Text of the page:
The next clip was from 'Moon Over Broadway'. This followed Carol Burnett's return to the Broadway stage. Nick Fraser observed that this was not a bad ploy to start with. Their producer for the project had links with top Broadway producers and got a list of what everyone was working on. Burnett's name and the notion of a play with behind the scenes aspects was the draw. The problem was the expense and technical difficulty in getting access to a Broadway show and a large number of actors for a long period of time. After discussions with the unions they got a two week trial on set and managed to establish a strong enough relationship to enable the film to go ahead.
Speaking on their latest film 'Startup.com' in which Pennebaker took a producer's role, Hegedus said she got into the idea because of the way the net was changing people's lives. She read about a place called 'Silicon Alley' in New York: kids in their 20s were starting companies with three page ideas and they'd get funding and make their fortunes. Again fate played a part and a cat came in from the cold: her co-director Jahane Noujaim came to them and suggested that they make a film about her friends Kaleil Tuzman and Tom Herman, best friends since childhood who were about to start up a dot com venture. So they had started with the notion of an optimistic adventure where they would all become millionaires. Then the market turned. The first clip showed the founder member of the company, Kaleil sacking his best friend, Tom as their venture began to go horribly wrong.
Asked if she ever felt uncomfortable filming such events, Hedegus stated that there are always things you can't film; "it's like a dance, we get to know each other, what the limits are. We suggested let us film but if you're not happy we won't use it." It was a gift from the subjects to let them keep filming because of the trust they had built up shooting 400 hours of footage. She is aware that their films become viewed differently with the perspective of history. They began making 'Startup' in a boom time, now everyone knows nearly 99% of dot com companies have failed. Audiences view the film with the expectancy of failure, but that wasn't the idea when they started. Hegedus stressed they do not set out to portray people in a bad light, they only make films about people they like and so it is sometimes tough when things go wrong. On Moon over Broadway, "watching playwrights getting bad reviews was difficult".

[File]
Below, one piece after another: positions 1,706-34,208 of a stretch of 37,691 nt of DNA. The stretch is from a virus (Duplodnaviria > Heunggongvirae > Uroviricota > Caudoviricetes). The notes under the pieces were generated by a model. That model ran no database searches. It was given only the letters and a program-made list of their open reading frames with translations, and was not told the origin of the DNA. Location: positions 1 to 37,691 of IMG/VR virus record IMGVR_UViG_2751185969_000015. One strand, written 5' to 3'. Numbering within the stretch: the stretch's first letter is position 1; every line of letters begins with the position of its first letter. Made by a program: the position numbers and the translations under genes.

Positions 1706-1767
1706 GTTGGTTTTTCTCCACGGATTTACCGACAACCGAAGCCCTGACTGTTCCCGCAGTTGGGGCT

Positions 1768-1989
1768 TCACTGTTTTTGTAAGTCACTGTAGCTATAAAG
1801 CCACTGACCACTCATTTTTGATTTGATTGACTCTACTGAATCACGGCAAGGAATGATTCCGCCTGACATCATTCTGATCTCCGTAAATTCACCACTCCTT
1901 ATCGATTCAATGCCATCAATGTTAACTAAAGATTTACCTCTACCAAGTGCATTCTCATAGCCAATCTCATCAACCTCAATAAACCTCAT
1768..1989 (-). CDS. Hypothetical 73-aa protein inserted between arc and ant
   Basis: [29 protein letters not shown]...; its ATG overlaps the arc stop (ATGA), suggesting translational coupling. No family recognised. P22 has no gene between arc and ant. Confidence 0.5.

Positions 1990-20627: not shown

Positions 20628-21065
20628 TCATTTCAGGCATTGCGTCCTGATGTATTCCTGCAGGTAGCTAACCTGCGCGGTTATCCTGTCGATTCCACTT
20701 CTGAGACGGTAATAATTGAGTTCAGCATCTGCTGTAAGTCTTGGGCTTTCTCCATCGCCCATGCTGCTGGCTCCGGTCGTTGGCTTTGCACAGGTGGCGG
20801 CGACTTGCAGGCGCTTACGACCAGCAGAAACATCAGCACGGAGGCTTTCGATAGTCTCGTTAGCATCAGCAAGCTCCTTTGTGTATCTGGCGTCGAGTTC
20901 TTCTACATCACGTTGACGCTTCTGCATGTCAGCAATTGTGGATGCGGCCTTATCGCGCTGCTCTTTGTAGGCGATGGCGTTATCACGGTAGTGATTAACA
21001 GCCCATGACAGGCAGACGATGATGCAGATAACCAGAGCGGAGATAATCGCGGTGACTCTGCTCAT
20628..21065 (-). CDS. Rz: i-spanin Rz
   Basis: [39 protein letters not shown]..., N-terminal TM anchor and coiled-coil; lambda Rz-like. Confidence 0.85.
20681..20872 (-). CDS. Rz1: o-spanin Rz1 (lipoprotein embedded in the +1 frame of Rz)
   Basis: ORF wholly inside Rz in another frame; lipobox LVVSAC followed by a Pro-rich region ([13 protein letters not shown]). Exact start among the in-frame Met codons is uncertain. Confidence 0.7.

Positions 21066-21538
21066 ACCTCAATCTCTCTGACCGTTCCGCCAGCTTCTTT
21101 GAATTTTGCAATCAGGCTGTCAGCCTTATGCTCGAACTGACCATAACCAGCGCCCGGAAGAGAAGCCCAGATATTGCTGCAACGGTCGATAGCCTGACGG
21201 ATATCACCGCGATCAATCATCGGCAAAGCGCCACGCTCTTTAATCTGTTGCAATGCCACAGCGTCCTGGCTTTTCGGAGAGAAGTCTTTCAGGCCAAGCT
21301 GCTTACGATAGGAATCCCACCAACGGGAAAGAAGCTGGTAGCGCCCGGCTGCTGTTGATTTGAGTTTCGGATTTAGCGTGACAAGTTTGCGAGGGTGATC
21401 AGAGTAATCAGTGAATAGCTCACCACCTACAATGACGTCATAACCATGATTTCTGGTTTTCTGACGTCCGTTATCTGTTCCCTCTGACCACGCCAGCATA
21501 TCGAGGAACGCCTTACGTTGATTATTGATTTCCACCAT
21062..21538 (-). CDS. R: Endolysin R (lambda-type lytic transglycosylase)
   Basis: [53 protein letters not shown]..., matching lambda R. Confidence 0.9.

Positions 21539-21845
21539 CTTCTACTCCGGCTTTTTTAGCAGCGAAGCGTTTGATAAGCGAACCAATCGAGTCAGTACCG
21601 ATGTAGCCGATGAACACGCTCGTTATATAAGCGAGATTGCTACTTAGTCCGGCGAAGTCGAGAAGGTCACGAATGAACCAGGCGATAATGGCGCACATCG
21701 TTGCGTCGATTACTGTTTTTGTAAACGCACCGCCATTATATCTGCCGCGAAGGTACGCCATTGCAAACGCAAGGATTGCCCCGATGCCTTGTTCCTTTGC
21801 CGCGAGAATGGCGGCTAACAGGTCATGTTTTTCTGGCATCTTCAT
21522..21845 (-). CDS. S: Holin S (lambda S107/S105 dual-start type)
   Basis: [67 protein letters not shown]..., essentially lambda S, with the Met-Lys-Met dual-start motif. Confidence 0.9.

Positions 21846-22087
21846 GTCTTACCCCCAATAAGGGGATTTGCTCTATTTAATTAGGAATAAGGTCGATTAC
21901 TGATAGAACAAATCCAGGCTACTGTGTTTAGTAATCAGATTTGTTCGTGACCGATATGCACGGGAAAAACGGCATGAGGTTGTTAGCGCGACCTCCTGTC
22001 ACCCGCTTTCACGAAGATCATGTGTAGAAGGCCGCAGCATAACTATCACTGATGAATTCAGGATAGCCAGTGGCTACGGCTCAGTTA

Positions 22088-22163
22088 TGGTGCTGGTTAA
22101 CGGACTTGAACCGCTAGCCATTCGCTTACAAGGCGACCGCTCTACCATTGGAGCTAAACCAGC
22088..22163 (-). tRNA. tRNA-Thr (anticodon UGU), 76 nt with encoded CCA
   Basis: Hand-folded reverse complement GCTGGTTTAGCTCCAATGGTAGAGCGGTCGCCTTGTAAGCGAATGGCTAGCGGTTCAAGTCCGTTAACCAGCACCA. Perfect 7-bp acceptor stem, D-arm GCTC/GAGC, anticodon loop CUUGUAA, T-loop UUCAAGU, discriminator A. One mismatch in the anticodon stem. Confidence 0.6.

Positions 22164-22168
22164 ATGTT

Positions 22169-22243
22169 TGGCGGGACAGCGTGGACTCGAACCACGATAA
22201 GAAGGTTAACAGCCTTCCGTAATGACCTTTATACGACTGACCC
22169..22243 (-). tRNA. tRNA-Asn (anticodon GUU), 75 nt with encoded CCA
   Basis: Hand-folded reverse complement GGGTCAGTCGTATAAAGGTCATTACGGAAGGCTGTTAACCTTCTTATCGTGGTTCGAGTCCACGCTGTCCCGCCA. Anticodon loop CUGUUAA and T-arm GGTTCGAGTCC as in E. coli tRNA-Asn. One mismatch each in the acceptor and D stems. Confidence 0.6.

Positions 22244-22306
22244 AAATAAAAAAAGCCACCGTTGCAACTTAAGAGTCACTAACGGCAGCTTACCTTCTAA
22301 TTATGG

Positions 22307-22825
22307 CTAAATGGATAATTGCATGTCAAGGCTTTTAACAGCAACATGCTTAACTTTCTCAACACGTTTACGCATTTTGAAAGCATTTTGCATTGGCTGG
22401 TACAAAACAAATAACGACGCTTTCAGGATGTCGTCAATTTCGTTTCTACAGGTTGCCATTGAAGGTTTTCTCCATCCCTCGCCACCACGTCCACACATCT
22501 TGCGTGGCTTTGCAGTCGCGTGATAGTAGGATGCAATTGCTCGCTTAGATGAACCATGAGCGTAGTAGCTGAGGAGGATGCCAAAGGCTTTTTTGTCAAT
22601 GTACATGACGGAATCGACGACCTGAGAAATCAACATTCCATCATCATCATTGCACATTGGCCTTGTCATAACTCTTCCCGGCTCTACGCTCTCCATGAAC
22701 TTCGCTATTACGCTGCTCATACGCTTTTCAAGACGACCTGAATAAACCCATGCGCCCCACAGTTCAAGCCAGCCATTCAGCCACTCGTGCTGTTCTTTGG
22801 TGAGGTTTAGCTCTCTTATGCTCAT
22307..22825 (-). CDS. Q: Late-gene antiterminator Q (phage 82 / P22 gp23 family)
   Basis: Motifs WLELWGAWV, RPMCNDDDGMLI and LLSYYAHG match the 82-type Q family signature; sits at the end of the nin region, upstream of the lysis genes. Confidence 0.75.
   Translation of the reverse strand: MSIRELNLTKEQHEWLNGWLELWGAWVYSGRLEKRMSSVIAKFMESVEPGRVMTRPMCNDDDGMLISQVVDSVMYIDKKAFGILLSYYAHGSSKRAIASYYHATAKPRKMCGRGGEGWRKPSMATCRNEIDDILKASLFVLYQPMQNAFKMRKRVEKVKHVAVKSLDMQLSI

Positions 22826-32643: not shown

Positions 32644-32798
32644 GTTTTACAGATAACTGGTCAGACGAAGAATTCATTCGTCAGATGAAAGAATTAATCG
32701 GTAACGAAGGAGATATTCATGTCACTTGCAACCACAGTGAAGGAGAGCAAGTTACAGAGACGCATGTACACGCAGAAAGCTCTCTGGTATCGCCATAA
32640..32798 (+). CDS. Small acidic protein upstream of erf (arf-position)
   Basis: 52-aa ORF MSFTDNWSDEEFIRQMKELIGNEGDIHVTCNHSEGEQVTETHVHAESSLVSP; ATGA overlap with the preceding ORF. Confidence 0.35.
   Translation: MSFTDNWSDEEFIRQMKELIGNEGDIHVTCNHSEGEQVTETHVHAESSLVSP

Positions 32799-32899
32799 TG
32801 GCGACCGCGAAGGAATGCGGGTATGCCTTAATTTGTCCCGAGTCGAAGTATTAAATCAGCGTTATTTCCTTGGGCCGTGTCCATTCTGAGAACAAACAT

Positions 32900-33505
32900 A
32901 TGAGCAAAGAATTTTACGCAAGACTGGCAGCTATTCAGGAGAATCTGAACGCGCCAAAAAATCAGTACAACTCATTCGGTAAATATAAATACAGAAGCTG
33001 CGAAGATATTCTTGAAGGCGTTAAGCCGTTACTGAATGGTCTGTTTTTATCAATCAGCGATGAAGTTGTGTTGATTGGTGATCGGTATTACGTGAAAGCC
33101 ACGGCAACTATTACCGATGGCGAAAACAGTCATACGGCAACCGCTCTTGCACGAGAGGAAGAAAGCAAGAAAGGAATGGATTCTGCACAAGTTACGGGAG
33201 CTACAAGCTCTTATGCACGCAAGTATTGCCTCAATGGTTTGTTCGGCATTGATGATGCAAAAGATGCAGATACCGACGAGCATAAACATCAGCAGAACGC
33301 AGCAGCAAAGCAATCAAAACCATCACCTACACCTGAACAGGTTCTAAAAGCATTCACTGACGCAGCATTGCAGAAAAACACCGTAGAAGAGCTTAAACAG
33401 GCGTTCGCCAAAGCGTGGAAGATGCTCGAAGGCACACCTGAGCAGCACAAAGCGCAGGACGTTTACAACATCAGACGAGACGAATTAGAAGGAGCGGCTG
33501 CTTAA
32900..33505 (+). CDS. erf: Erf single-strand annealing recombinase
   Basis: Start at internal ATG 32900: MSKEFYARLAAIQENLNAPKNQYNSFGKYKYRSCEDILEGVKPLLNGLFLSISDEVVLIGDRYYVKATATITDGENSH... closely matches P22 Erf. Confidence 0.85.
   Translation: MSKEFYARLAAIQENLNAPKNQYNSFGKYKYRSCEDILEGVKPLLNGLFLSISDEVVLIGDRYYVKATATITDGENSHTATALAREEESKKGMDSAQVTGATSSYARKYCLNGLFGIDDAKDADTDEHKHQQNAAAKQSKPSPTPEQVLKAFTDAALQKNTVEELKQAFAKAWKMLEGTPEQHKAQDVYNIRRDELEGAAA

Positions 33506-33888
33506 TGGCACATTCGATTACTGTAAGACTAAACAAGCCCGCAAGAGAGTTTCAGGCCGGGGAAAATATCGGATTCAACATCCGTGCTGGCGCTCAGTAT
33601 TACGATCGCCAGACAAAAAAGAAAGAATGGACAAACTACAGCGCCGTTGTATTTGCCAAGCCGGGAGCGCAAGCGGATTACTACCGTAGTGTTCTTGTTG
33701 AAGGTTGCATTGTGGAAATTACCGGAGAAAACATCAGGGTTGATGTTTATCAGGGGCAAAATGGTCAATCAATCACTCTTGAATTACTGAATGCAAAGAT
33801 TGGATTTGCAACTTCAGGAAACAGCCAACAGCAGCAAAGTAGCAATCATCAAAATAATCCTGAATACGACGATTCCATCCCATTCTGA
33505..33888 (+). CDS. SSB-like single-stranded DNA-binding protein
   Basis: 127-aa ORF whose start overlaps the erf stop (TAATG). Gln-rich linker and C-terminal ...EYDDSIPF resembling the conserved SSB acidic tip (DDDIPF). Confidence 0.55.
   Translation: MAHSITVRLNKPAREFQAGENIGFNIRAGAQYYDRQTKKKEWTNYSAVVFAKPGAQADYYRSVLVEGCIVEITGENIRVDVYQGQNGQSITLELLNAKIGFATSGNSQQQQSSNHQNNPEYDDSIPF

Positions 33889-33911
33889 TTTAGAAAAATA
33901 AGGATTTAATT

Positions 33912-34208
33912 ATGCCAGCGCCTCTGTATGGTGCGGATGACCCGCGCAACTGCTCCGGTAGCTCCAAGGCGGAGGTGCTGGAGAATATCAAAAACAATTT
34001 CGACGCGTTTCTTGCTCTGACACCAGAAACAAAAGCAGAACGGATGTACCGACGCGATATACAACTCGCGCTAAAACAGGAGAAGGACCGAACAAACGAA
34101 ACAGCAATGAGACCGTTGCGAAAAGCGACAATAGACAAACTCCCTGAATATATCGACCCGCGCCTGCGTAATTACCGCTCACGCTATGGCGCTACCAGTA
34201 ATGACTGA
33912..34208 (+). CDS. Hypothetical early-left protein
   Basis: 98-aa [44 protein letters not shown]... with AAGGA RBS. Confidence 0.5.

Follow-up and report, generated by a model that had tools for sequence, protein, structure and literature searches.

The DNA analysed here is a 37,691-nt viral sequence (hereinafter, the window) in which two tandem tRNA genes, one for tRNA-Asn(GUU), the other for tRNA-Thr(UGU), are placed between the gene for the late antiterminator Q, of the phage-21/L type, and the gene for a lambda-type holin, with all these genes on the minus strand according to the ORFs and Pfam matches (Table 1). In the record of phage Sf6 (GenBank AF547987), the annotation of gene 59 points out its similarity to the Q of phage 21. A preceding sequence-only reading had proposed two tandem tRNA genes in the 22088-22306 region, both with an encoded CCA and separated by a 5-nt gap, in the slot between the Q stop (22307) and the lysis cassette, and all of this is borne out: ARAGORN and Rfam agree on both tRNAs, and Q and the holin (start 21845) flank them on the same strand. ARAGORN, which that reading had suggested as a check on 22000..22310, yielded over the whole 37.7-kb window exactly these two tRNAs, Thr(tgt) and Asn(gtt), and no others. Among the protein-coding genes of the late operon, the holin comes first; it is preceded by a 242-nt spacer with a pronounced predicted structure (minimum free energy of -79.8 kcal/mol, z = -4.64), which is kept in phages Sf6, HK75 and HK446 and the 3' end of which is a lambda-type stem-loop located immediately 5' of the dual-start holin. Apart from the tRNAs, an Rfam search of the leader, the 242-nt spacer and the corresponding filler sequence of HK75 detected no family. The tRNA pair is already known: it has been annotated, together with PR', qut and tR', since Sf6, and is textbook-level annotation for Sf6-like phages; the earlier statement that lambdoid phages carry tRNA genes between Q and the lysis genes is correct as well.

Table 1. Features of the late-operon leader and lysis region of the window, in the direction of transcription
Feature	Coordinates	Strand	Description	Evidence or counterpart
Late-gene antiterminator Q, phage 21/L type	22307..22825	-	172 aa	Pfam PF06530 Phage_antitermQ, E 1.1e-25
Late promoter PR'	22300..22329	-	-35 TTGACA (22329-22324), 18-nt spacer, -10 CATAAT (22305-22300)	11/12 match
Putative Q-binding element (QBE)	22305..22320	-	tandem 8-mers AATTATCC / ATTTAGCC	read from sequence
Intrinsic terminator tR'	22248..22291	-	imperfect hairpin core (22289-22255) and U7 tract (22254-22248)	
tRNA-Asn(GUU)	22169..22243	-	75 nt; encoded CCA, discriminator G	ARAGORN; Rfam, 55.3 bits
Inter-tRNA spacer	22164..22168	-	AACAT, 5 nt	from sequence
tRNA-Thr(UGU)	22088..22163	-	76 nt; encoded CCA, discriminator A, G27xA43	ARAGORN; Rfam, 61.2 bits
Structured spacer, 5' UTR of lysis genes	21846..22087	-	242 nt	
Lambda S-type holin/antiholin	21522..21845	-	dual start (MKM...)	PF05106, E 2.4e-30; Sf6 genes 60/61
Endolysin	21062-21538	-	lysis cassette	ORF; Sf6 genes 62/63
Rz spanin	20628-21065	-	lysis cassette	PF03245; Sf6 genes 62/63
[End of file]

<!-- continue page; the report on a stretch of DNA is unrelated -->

Were their films intrusive? Pennebaker said it might be intrusive to film someone making love but in most of the situations they filmed he felt the idea of a camera being there was not outrageous. One question was about 'releases' how did they get clearance for all the people that feature incidentally in their films? "Fake them!" came the reply. Pennebaker claimed they have only ever got one in all their years as film-makers - a Liverpudlian Dylan Fan when making 'Don't Look Back'.
'Startup' was completely shot on DV video cameras. Hegedus said they had become 'wedded to DV', particularly the Sony VX1000 model with the flip out screen. Prior to this they had mainly worked on film, but Pennebaker agreed that working with DV had been a fantastic advantage to their kind of film-making - lightweight cameras being less intrusive and tape stock being so much cheaper than film. In the past, a major problem had been that transferring from video to film for theatrical release had never looked good, but now telecine technology was so much improved he has finally become an advocate of DV.
Was there any story they started and couldn't finish? Yes, said Pennebaker - Janis Joplin. He found her scary and just couldn't deal with the drugs. He wanted to avoid the issue yet with her it was unavoidable. "Who was to say she didn't need it? In making a documentary you don't want to be romantic or judgmental about drugs...I ran away."